The second section of the workplan template leads the programmer to describe the file structure used by the multi-site program. The workplan template provides instructions to help programmers create “loaded” file structures in which all project subdirectories and files are built into a zip file. An example of a loaded zip file is shown in Figure 1. When the zip file is de-compressed by the site analyst, the only customization required is the definition of a path to the top-level project directory. Pre-creating loaded file structures reduces the chance that local and transfer files will wind up in the same directory and be transferred to the lead site together. The workplan template also encourages programmers to use two standard directory names: “share” for program output that is designed to be sent back to the lead research site, and “local only” for program output that is designed to be maintained at each research site. These file management methods are meant to encourage consistency across sites and programs, making it easier to track which files are meant to stay at the local site and which files are meant to be transferred back to the lead programming site.
The third section of the workplan template guides the programmers through describing the program input and output in order to help site analysts clearly identify which files will be used and generated by the program. In the input section, the workplan lists the local tables used by the program, as well as any study-specific input files sent with the program. In the output section, the workplan lists the files that will be generated in both the “local_only” and the “share” directories. In the “share” section, the template prompts programmers to describe any data that may be considered PHI in the datasets to be transferred back to the lead programming site, as well as any data manipulations performed to hide PHI (i.e. setting counts < 6 to 0 to prevent identification of individuals with rare diseases). The “share” section of the workplan template reminds programmers to list all the datasets meant to be transferred to the lead site, as well as any supplemental files such as logs and PDF reports.
The fourth section of the workplan template directs the lead programmer to write directions for running the multi-site program and transferring the data. The workplan directions are intended to include reminders on how to customize the program for the collaborating site and review the logs. In addition, some multi-site programs create reports that provide summary information about the datasets to help site analysts review the data. In these cases, this portion of the workplan template reminds the programmer to describe any summary reports generated by the program, point the analysts towards their location in the loaded file structure, and indicate what the analyst should look for in the report. Finally, this section of the workplan template prompts the programmer to provide instructions for returning the file to the lead research site, including whether the log files should be returned, whether the output should be compiled into a single package, whether the programmer recommends encrypting the output prior to transfer, and what transfer method should be used.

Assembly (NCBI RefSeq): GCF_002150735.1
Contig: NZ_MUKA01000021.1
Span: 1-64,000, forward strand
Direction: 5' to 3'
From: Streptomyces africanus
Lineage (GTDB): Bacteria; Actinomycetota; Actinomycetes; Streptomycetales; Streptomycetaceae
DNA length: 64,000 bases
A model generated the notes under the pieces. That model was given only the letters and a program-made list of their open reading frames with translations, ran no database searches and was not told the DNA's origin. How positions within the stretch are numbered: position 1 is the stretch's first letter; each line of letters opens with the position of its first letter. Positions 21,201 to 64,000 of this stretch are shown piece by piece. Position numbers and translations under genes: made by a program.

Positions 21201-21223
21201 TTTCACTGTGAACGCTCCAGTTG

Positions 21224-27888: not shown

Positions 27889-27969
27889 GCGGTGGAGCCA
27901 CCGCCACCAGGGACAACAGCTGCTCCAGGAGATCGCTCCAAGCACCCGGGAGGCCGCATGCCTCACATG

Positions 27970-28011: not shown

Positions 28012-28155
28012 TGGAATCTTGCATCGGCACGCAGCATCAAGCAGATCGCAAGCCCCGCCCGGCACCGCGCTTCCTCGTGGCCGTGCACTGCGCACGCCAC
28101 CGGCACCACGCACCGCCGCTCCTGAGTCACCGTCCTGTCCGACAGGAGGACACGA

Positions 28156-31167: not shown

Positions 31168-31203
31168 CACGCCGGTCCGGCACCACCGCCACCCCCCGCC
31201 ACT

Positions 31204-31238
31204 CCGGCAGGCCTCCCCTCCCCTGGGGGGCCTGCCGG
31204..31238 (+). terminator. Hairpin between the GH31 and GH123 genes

The second performance support tool consists of a checklist that the site data reviewer completes prior to releasing data. The checklist is designed to help the data reviewer confirm that project data is consistent with workplan requirements and IRB and DUA agreements. The checklist contains multiple sections that guide the data reviewer through the process of identifying the data transfer method, specifying the level of PHI that is approved for release, identifying the PHI elements in the data, and reviewing errors and other potential problems in the log file. Through the process of answering the questions on the checklist, the data reviewer is guided through the process of reviewing the data for PHI. The checklist can be found in Additional file 2, or downloaded in Word document format to allow customization for a specific site’s needs: http://mapri.kaiserpermanente.org/research/mapri-sample-reports/.
The checklist has four main sections: the data transfer method, project requirements, data review and project manager approval. The first three sections are meant to be completed by the site data analyst. The final section of the checklist provides for a secondary review by the project manager to ensure that the elements of PHI flagged in the checklist are congruent with the allowable PHI elements in the IRB agreement and DUA.
The first section of the checklist consists of prompts for the site analyst to identify where the data to be released is located, what site will be receiving the data and how it will be transferred to the lead research site. Completing this information helps ensure that the right data goes to the right place. Footnotes are used to recommend best practices for data transfer to help ensure that data is transferred in a secure method. Best practices identified in the checklist include:
Isolating the data to be released in a single directory to make it easy to distinguish these datasets from study data that should be maintained at the collaborating site.
Use of a secure file transfer protocol that encrypts the data during file transfer.
Encrypting the data prior to transfer when a secure file transfer protocol is not used.
Avoiding the use of email for file transfer due to its susceptibility to human error.